State v. Cordova

Annotate this Case

784 P.2d 30 (1989)

109 N.M. 211

STATE of New Mexico, Petitioner, v. Esequiel CORDOVA, Respondent.

No. 18645.

Supreme Court of New Mexico.

December 20, 1989.

Hal Stratton, Atty. Gen., Katherine Zinn, Asst. Atty. Gen., Santa Fe, for petitioner.

*31 Jacquelyn Robins, Chief Public Defender, Jerry Todd Wertheim, Asst. Appellant Defender, Santa Fe, for respondent.


RANSOM, Justice.

Respondent Cordova was convicted of possession of heroin. He appealed the denial of his motion to suppress evidence seized under an allegedly invalid search warrant. The court of appeals reversed his conviction, holding that the affidavit used to secure the warrant did not provide an adequate basis from which the issuing magistrate could conclude probable cause existed to search the house where Cordova resided at the time of his arrest.

The affidavit submitted to secure the search warrant in this case stated:

1. That within the last 24 hours, Affiant has been contacted by a Confidential Informant, who advised that a subject driving a red Chrysler Cordova with Texas Plates, was currently selling heroin at a residence at 1106 South Cahoon. That Subject John Doe was from out of town and had brought the heroin in. 2. That Said Informant stated that subject was a [S]panish male, approximately 6-0 tall, weighing a little over 200 pounds, having black hair and did have some tattoos on his person. 3. That Said Informant did state that through personal knowledge, several heroin users had been to this residence. 4. That Said Informant has furnished information to Affiant in the past which Affiant did find to be true and correct through personal knowledge and investigation. 5. That based on the information provided by Said Informant, Affiant did drive by the residence and did observe the red Cordova which did have a partial white vinyl roof. Description and the trailer house next to the house are the same as stated by Informant. Also, on checking utilities, it was learned that a Carol Cordova resided at this address.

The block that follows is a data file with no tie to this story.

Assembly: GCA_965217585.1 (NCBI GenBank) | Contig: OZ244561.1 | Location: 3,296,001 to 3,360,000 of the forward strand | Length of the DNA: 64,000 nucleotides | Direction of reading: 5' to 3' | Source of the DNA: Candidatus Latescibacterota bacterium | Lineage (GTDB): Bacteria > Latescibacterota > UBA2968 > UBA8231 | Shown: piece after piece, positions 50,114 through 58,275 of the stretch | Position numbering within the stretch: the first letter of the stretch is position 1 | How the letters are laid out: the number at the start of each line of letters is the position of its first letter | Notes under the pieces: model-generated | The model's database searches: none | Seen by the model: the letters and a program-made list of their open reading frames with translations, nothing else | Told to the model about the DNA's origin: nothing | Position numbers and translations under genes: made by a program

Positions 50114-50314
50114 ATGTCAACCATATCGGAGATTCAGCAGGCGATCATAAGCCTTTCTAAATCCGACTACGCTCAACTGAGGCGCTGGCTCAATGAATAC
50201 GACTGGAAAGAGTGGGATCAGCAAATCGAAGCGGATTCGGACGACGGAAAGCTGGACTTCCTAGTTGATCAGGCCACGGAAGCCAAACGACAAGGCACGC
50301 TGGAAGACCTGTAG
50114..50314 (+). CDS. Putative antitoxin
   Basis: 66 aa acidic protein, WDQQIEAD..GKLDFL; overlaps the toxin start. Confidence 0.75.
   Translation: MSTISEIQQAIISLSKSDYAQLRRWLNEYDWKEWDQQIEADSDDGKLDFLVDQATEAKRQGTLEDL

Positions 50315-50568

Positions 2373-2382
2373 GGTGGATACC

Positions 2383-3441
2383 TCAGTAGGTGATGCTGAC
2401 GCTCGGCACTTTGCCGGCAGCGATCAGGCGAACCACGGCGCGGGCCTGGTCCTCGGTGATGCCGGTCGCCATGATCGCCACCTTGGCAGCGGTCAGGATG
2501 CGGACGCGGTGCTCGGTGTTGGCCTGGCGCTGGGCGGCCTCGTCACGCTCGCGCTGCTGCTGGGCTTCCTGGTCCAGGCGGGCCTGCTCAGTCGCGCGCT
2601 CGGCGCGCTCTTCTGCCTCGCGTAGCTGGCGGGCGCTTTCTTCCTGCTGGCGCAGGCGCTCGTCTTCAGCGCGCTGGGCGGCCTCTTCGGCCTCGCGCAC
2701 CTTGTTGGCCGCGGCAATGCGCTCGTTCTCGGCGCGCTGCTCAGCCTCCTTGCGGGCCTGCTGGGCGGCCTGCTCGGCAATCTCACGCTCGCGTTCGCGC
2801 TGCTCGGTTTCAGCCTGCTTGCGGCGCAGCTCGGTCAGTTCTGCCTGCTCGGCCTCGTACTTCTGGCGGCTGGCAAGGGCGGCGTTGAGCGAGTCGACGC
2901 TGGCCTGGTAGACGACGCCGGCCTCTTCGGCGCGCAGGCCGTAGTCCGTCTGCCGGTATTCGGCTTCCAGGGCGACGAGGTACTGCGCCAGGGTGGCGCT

The court of appeals based its determination that this affidavit was lacking on our rule of criminal procedure governing the issuance of warrants based on affidavits containing hearsay information. See SCRA 1986, 5-211(E). The court noted that our interpretations of Rule 5-211(E) have been based on the two-prong test formulated by the Supreme Court in Aguilar v. Texas, 378 U.S. 108, 84 S. Ct. 1509, 12 L. Ed. 2d 723 (1964), and Spinelli v. United States, 393 U.S. 410, 89 S. Ct. 584, 21 L. Ed. 2d 637 (1969). However, as also noted by the court of appeals, the United States Supreme Court has since abandoned the Aguilar-Spinelli test in favor of a determination based on "the totality of circumstances." Illinois v. Gates, 462 U.S. 213, 230, 103 S. Ct. 2317, 2328, 76 L. Ed. 2d 527 (1983). We granted certiorari to determine the impact, if any, of the Gates decision on Rule 5-211(E). We conclude that our previous reading of this rule comports both with its plain meaning and with the requirement of the New Mexico Constitution that "no warrant * * * shall issue * * * without a written showing of probable cause, supported by oath or affirmation." N.M. Const. art. II, § 10.[1] Moreover, although our analysis of the facts of this case differs from that of the court of appeals, we affirm the result reached by that court.